“You don’t need to have a lot of money to be a good person and help others.
In fact, from my experience, it seems that genuinely good people help out somehow, even when they are in need.
My husband is a genuinely good guy.
He has his faults, as we all do; but he’s always had a huge heart. It’s my favorite quality of his.
Every time it snows in our area, my husband makes sure that he shovels our next-door neighbor’s house and the house next to theirs.
He doesn’t even ask, he just does it.
He knows they are older and it’s difficult for them to shovel the heavy snow as he can.
He doesn’t do it for recognition. He doesn’t do it for money. He just does it because he is a good human.
Roughly one month ago, he helped save a worker at Walgreen’s when a thief had physically harmed her.
He held the man against the wall until the police came to take over.
Again, he didn’t do it for recognition.
He didn’t do it to be a hero or for money.
He did it because it was the right thing to do at that moment.
My husband is a very low-profile guy.
He works hard.
Loves his family.
Lives with conviction.
He is a protector by nature.
It’s in his design.
We aren’t rich.
We live on the edge of comfortable.
But money doesn’t make you a good person.
It’s the little things that count the most.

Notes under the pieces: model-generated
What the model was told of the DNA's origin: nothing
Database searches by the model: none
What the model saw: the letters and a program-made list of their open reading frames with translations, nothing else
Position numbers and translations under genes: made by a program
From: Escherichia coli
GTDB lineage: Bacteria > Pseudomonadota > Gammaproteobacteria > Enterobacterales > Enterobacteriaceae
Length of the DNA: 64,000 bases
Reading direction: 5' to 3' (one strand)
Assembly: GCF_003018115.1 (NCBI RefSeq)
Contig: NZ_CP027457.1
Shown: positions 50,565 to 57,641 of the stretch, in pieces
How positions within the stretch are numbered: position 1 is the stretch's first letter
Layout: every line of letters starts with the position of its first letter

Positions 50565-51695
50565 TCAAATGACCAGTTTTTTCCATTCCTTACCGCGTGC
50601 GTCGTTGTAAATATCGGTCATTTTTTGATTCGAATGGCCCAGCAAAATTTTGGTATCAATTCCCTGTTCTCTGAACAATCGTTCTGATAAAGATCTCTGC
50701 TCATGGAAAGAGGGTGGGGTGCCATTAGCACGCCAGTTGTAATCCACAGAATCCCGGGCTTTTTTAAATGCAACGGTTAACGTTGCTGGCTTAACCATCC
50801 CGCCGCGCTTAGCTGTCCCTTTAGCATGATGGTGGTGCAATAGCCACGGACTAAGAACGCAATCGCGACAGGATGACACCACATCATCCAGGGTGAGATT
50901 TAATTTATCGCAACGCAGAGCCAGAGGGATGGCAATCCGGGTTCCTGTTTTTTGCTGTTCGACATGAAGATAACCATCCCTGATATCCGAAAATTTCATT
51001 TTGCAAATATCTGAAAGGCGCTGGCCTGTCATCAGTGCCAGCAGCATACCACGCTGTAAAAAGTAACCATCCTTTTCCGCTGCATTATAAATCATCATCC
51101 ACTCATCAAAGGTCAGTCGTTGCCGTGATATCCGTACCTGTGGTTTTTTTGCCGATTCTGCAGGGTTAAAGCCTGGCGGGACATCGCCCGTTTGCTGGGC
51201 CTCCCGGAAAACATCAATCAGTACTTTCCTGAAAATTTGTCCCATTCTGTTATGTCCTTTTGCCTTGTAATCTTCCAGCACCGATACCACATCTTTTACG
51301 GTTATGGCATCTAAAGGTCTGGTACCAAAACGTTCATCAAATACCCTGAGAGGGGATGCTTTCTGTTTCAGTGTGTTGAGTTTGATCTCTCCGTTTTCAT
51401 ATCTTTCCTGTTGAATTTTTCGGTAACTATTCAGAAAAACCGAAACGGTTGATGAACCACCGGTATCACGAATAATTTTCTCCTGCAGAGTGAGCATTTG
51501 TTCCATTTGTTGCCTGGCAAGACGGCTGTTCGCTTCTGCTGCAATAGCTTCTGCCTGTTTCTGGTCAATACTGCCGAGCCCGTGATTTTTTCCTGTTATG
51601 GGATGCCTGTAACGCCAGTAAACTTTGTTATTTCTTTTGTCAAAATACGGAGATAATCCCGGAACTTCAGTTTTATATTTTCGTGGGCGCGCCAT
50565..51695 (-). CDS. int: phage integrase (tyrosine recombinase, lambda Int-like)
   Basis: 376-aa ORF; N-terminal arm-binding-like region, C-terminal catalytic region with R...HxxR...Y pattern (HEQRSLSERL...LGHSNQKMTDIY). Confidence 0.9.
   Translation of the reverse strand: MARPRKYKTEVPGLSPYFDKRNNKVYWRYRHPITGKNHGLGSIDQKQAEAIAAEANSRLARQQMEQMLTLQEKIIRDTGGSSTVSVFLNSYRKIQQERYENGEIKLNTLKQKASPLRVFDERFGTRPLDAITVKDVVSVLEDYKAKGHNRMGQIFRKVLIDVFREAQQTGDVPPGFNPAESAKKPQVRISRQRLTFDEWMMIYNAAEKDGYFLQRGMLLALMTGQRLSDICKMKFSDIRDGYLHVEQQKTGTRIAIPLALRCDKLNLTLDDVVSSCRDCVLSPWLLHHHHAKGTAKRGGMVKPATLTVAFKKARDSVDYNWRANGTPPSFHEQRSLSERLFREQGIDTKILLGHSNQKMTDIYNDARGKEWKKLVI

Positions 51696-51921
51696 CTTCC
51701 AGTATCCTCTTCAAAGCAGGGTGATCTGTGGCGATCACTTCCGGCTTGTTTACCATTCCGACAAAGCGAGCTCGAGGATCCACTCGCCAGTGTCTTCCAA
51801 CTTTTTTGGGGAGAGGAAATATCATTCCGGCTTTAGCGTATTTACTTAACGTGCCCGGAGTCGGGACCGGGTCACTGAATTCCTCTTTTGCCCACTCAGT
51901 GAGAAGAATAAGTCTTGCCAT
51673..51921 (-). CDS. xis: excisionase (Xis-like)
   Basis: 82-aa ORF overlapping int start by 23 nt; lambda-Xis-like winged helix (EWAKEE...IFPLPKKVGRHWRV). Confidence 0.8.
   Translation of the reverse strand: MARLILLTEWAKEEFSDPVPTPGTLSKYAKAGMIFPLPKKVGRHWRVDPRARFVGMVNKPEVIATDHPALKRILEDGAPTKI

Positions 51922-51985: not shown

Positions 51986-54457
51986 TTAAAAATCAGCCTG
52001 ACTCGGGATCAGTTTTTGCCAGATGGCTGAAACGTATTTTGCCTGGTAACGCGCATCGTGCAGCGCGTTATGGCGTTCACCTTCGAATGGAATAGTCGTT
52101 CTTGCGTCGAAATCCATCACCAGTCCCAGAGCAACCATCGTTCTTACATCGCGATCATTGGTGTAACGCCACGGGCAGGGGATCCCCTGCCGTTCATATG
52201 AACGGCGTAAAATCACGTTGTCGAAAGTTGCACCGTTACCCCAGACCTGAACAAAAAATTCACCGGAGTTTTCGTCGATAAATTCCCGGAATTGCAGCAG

My husband is a good human.
Our boys see how selfless he is, and I hope they follow in his footsteps.
If we want to raise good humans, we need to show them how to be one first.
I try to show my boys how to be good humans by volunteering and showing up for others.
I’m the fundraising representative for my older son’s PTA.
I’m one of three children’s events chairperson’s for our neighborhood/community.
My husband and I often create opportunities to show our children how to help and be kind.
When my older son’s best friend in pre-k broke her leg, he immediately made her a card, and we put together a sweet package of her get well activities for her to do while she was healing.
When my husband brings home the groceries, my younger son often rushes to the door to help his daddy bring them into the kitchen.
When you truly value another human being, you give them the most priceless asset you have: time.
My husband embodies selflessness and he is a time giver.
Money means nothing in the grand scheme of things.
Giving time and compassion are what makes us good humans.
I think my boys are headed in that direction.
Thanks to the examples they’re able to model.”
This story was submitted to Love What Matters by Holly Dignen and originally appeared here. You can follow her journey on Instagram and Facebook. Submit your own story here, and be sure to subscribe to our free email newsletter for our best stories, and YouTube for our best videos.
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